Watched Aug 17, 2012
Lee Howard’s review:
This was one of two horror anthologies (the lacklustre CHILLERAMA was the other) which I was gutted to miss at FrightFest 2011 due to their twilight screening hour and my need to catch the last train home.
Having finally caught up with THE THEATRE BIZARRE its some way short of previous FrightFest fave TRICK 'R TREAT but a welcome addition to the modern portmanteau horror film nonetheless.
The film is bookended by an effective wraparound story revolving around a silent female spectator drawn into an abandoned and eerily strange cinema - the titular 'Theatre Bizarre' - where upon genre icon Udo Kier acts as our guide introducing each of the film's six tales (Mother of Toads, I Love You, Wet Dreams, The Accident, Vision Stains and Sweets).
Like most omnibus films not all the stories work and are of varying quality in terms of directing, photography, acting, effects, plot etc. First up we have 'Mother of Toads' - perhaps only notable for having Fulci 'scream queen' Catriona MacColl hamming it up as a French Lovecraftian crack-pot. Things soon improve - particularly in the writing and acting department - with 'I Love You'. Bleak it may be but full of memorable darkly heart-breaking dialogue. 'Wet Dreams' serves up Tom Savini as a shrink and his customary gore effects abound.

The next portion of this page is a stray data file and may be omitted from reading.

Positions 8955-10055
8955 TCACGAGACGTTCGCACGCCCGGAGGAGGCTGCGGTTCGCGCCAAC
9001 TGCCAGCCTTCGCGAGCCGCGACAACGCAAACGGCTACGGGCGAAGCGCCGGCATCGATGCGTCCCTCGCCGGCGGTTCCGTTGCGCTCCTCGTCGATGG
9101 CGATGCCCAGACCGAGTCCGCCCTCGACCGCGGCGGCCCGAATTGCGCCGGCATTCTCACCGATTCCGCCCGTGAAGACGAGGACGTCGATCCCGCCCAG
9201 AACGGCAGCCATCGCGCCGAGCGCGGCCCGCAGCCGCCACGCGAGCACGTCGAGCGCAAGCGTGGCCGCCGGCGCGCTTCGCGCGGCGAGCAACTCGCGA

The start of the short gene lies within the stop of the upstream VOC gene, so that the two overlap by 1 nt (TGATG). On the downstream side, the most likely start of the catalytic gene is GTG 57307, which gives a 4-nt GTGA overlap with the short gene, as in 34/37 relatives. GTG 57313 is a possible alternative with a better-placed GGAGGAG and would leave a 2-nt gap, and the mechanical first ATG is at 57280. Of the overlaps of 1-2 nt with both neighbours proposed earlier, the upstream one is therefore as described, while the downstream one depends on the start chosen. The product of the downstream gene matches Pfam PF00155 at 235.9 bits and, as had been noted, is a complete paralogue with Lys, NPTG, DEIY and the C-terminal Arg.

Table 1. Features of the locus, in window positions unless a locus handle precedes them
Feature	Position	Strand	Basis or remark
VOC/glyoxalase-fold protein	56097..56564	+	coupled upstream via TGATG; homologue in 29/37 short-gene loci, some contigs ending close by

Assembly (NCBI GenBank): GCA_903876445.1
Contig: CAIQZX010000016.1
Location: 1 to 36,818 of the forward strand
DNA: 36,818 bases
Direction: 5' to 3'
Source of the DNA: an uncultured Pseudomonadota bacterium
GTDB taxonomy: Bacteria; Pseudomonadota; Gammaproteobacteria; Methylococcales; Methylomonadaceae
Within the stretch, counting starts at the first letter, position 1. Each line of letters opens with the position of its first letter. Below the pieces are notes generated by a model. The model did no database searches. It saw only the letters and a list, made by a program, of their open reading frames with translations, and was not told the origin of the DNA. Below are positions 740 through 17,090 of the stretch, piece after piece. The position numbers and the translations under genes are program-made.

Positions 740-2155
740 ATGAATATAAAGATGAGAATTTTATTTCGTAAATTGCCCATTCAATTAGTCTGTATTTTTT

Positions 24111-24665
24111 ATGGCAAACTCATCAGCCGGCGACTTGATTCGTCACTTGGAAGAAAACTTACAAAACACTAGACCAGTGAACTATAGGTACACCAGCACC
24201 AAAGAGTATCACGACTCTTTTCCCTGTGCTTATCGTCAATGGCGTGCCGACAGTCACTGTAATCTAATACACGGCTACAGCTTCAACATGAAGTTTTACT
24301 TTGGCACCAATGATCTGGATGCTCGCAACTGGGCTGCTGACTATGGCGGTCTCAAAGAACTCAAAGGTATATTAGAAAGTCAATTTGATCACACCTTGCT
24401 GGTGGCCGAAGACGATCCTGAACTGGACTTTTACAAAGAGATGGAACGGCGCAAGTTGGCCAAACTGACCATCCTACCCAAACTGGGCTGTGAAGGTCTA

The tone shifts dramatically for 'The Accident' and director Douglas Buck executes a simple thematic idea in a genuinely affecting way - surely the epitome of what a 10-15 minute short film component of a horror anthology should do.
Then 'Vision Stains' starts strong but fails to fulfil its potential, particularly in the segment's climatic scene. Closing the anthology is the delightfully demented 'Sweets' which along with 'Wet Dreams' perhaps best personifies the 'Grand Guignol' antics THE THEATRE BIZARRE is so keen to evoke.
The Count's Verdict: Not a threat to TRICK 'R TREAT's crown as the best of contemporary anthology horror films but an interesting diversion all the same. Worth seeing for 'The Accident' story alone which is damn near perfect.